Salman Rushdie Was Once on the Left. What Happened?

9/11, that's what.

by Alfie Steer

25 August 2022

A bald man with black-grey sideburns and glasses seen close up in profile, with his hand raised by his face
Luiz Munhoz/Wikimedia Commons

In January 1989, two weeks before Ayatollah Khomeini issued the fatwa that sent him into hiding and ultimately led to his stabbing in Chautauqua, New York earlier this month, Salman Rushdie was auctioning a signed copy of The Satanic Verses at a small fundraiser in Highgate. The event was no gathering of the literary elites but instead organised by sociologist, and soon-to-be editor of the socialist magazine Red Pepper, Hilary Wainwright, to raise funds for the third annual socialist conference in Chesterfield, Derbyshire. The winner of the signed copy was Caroline Benn, wife of Tony.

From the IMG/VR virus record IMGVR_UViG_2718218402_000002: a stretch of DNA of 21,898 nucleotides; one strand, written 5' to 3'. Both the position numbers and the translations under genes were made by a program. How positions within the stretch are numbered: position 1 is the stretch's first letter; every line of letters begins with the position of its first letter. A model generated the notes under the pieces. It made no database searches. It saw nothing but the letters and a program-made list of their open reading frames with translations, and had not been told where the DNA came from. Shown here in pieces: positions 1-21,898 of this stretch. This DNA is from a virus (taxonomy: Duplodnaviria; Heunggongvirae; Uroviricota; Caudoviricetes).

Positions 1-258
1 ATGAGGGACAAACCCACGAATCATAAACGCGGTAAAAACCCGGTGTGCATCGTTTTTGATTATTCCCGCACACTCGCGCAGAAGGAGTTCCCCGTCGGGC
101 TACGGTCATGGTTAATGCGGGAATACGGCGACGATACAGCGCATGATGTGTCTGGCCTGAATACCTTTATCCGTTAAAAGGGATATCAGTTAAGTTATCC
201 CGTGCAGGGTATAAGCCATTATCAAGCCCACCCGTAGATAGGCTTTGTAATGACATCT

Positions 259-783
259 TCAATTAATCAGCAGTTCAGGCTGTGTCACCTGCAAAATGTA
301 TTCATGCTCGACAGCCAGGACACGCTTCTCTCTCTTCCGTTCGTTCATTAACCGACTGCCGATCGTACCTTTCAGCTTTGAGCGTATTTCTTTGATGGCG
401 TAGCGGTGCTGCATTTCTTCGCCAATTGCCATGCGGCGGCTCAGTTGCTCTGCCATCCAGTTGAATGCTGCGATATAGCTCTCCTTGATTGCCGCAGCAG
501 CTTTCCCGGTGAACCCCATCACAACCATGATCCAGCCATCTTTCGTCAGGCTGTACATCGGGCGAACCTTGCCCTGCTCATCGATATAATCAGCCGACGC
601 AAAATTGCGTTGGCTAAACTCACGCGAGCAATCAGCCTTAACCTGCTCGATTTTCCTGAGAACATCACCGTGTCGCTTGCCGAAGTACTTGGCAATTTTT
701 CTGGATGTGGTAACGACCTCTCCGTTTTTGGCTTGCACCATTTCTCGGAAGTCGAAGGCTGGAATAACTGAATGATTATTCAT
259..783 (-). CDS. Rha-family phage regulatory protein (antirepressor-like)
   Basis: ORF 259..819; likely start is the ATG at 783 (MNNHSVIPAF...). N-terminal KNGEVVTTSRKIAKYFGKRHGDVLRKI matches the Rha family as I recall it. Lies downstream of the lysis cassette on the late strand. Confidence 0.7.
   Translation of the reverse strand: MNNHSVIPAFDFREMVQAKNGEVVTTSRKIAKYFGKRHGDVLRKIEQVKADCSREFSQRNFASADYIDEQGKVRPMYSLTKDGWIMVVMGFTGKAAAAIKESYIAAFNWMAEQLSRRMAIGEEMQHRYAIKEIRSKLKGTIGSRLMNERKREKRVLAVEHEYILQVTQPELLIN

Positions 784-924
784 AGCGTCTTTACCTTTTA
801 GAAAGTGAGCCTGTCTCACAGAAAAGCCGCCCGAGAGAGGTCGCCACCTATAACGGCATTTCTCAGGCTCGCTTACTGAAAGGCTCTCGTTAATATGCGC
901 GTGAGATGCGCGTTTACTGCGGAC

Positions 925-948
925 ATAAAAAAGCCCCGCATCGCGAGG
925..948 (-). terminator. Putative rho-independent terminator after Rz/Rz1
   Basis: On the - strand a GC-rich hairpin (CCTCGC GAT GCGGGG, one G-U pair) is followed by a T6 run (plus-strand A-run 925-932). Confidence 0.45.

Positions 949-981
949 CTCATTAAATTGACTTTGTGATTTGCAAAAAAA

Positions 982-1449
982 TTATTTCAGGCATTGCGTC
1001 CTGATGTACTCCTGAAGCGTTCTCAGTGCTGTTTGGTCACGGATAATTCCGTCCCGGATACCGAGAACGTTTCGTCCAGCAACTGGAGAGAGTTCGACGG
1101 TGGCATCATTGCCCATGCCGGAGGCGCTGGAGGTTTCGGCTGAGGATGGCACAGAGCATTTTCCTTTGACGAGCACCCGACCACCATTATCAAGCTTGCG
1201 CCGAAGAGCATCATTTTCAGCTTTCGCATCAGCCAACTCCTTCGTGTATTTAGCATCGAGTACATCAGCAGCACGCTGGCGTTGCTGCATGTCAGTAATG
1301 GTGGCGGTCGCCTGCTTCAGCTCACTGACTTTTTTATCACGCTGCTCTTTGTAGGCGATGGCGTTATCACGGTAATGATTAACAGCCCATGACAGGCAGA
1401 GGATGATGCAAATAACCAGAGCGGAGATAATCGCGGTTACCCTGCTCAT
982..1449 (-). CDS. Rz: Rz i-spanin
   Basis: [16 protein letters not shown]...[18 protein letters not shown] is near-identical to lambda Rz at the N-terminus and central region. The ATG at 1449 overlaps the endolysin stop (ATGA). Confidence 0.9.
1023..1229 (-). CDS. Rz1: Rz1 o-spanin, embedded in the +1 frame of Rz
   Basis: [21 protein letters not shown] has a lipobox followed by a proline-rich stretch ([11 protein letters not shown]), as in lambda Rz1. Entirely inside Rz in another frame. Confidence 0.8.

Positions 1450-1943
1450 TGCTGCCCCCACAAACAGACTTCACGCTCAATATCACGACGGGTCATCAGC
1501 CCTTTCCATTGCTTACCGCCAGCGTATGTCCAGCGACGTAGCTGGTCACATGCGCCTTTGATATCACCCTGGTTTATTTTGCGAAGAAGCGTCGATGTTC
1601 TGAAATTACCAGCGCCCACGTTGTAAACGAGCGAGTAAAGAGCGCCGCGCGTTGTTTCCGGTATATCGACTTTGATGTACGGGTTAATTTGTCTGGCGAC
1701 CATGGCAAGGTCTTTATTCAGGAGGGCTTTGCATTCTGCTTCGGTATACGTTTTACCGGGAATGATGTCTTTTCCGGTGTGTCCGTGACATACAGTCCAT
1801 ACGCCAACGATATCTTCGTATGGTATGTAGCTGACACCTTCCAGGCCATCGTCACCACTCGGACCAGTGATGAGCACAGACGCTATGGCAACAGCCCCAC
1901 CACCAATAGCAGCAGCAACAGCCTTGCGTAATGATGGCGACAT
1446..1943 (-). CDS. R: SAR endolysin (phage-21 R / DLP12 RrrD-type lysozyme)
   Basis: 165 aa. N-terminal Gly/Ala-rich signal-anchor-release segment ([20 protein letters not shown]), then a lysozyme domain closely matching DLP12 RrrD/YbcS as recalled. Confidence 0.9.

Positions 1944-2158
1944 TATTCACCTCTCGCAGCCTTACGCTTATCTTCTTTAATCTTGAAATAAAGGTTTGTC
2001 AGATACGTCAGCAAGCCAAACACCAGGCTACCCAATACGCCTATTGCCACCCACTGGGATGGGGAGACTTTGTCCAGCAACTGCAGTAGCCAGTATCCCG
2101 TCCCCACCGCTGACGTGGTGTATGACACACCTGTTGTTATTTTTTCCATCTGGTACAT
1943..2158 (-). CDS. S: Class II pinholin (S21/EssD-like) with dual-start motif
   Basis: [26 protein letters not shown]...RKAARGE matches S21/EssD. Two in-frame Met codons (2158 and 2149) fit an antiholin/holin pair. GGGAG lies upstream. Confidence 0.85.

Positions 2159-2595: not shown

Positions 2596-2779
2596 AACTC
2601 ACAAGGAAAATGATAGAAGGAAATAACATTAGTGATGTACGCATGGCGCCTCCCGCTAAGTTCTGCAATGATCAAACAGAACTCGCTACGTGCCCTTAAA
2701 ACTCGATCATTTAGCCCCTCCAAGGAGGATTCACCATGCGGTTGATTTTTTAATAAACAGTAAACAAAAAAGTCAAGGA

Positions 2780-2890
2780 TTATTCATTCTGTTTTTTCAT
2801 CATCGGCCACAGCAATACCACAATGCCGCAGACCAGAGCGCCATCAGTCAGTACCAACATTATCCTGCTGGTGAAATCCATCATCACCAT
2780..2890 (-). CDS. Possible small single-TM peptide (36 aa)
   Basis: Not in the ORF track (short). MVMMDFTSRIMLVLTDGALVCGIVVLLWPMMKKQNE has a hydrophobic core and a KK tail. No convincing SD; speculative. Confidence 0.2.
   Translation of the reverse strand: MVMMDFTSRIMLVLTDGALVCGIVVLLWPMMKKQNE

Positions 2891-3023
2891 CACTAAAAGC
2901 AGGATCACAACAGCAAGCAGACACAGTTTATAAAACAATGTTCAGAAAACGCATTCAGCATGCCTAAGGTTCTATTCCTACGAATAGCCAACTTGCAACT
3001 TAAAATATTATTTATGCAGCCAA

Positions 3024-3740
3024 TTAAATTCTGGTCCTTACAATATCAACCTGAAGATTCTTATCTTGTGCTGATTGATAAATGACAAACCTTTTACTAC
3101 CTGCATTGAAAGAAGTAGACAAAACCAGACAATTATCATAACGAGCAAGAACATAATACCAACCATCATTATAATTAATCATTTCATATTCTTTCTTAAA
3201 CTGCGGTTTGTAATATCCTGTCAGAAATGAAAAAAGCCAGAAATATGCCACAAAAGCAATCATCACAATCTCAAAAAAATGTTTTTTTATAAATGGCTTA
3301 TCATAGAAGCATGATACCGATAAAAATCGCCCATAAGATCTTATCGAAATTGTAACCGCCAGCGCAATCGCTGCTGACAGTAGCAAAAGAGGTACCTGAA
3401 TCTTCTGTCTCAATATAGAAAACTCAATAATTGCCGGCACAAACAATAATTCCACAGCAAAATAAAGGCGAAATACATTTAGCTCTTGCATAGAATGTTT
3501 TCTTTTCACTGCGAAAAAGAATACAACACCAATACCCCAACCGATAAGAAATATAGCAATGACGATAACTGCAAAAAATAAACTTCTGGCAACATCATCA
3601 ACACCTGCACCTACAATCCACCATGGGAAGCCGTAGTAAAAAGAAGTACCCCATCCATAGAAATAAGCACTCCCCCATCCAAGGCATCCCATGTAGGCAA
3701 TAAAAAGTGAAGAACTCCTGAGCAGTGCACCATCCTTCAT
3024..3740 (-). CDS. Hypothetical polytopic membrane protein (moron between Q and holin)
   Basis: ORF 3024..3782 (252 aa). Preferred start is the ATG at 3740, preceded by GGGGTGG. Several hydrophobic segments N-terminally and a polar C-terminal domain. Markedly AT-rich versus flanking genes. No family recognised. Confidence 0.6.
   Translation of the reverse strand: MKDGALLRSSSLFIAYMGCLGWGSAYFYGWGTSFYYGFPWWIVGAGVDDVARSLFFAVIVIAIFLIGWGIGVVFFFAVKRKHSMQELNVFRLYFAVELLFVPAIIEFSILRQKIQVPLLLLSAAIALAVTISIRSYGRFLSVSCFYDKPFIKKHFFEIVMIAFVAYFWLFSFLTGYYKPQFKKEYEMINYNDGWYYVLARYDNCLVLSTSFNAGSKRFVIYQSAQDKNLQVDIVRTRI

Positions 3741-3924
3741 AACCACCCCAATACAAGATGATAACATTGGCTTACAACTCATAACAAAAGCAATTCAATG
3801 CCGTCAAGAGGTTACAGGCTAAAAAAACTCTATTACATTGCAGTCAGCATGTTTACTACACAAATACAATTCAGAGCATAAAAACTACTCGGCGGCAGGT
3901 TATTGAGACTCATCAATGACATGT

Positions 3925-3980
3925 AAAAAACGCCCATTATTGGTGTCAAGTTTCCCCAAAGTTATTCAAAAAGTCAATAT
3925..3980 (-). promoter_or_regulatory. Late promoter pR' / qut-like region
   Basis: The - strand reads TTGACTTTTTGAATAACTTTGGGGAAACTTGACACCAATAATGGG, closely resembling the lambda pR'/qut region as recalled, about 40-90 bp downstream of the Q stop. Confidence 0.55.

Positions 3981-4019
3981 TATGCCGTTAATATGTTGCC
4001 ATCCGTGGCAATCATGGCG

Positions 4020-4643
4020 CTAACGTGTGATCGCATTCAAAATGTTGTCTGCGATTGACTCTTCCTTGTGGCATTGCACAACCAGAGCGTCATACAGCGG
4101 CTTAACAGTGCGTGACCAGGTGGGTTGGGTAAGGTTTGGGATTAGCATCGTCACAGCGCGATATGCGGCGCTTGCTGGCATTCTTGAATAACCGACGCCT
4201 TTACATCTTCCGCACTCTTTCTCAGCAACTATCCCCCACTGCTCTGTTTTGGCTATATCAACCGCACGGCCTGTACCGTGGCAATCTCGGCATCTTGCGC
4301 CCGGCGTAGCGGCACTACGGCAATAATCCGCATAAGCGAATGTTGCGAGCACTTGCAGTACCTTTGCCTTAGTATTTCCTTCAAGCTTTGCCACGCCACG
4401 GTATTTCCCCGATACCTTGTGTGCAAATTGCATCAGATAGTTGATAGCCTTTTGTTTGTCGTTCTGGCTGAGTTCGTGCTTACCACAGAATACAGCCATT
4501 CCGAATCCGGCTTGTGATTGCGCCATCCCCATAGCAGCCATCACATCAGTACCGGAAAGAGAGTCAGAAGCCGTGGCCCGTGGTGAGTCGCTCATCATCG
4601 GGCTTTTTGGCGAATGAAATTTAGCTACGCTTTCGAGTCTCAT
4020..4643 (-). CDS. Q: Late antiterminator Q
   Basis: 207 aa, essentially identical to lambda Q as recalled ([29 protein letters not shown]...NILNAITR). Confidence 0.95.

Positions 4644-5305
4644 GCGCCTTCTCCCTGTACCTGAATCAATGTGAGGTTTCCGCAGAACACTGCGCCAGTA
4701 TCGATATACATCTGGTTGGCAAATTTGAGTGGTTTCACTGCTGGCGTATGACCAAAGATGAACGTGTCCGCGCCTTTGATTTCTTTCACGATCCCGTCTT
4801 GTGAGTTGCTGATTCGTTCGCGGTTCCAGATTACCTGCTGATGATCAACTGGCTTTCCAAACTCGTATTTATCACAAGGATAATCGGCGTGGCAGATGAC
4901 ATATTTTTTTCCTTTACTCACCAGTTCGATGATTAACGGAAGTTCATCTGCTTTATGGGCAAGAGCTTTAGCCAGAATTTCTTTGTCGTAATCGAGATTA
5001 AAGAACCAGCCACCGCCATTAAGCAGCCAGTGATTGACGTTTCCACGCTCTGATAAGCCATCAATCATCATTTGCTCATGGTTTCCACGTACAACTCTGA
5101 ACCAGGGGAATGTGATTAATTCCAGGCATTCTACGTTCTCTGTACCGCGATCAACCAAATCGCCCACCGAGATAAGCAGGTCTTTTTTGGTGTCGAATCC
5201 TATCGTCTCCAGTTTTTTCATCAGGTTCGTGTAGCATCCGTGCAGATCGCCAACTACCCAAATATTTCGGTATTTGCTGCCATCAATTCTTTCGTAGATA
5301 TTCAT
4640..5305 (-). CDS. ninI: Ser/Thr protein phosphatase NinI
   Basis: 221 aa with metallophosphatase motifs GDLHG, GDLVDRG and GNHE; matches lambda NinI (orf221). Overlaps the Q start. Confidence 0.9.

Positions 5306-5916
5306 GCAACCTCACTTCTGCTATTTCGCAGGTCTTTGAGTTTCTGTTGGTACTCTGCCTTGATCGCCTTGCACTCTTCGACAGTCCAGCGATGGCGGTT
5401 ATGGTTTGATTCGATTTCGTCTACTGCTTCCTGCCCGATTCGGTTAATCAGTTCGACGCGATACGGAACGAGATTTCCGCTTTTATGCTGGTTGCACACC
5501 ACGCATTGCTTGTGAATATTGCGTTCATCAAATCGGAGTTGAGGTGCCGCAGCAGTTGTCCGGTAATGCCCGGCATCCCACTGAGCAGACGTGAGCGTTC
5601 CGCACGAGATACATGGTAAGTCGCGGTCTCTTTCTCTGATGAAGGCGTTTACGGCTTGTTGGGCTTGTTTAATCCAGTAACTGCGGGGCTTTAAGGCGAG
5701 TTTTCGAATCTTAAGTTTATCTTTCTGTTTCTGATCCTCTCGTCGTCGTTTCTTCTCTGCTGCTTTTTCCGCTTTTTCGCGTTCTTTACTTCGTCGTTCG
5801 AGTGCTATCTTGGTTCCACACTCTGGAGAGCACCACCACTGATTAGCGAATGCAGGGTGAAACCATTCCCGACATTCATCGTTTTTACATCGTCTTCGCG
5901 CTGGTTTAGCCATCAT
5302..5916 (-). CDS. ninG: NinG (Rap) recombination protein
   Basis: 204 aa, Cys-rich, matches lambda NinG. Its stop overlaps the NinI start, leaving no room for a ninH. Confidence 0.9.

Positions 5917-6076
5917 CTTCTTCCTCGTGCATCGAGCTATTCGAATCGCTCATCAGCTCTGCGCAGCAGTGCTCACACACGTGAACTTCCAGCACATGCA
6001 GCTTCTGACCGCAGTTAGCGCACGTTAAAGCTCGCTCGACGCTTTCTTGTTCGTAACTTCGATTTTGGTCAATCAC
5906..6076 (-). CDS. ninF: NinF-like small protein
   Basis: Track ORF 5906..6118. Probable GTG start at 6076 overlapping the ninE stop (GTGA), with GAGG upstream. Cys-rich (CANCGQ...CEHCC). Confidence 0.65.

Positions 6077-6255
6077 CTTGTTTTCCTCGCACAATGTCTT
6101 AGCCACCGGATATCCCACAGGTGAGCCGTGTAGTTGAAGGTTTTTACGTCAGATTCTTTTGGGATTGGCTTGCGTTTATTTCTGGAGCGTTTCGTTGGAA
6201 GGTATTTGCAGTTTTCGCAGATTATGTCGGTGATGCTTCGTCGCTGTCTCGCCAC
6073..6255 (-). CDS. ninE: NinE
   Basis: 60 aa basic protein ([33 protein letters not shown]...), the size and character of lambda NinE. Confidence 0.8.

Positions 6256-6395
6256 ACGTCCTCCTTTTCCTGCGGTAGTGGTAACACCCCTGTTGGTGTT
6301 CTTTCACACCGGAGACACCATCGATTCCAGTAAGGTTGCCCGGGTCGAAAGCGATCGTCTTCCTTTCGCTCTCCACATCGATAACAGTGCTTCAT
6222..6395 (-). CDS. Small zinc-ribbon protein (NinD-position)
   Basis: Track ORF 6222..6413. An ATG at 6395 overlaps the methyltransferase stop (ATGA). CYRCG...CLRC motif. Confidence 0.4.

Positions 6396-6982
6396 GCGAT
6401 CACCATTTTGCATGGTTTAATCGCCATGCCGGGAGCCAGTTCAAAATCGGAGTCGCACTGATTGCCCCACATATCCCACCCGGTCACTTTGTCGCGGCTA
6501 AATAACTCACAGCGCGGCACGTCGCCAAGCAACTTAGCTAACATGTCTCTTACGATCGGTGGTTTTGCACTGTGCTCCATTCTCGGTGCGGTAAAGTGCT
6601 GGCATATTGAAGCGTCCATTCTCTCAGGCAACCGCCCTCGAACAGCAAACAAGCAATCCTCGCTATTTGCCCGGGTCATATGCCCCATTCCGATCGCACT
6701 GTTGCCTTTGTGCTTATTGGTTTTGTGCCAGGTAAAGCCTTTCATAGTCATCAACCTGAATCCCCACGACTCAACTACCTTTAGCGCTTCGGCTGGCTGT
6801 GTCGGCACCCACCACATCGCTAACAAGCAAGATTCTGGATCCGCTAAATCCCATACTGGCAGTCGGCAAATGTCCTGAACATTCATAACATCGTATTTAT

Rushdie’s appearance at this fundraiser was typical of his longstanding association with the anti-imperialist left. His novels’ engagement with colonialism, migration, race and diaspora implied his sympathy with such politics. In his journalism, such sympathies were more explicit: in the run-up to the 1983 election, Rushdie had penned for the New Statesman a bitter condemnation of the “strait-laced Victorian values” and “thin-lipped jingoism” of Margaret Thatcher’s Conservative party. He also condemned in his journalism US interventions in Libya and Nicaragua. By the end of the 80s, Rushdie was a signatory of Charter 88, which called for a constitutional overhaul of Britain’s parliamentary system.

It was therefore of little surprise that when the ayatollah called for Rushdie’s head on Valentine’s Day 1989, his supporters included the leading lights of the British left, among them the playwright Harold Pinter and former Labour leader Michael Foot. People like Tony Benn, Jeremy Corbyn, the socialist-feminist writer Lynne Segal and the American Marxist Mike Marqusee formed Voices for Rushdie, an umbrella organisation to express solidarity with Rushdie, defend his civil liberties and demand his protection. The front page of the leftwing newspaper Labour Briefing demanded “unequivocal solidarity with Rushdie”, while radical bookshops around the country jointly committed to stocking his book.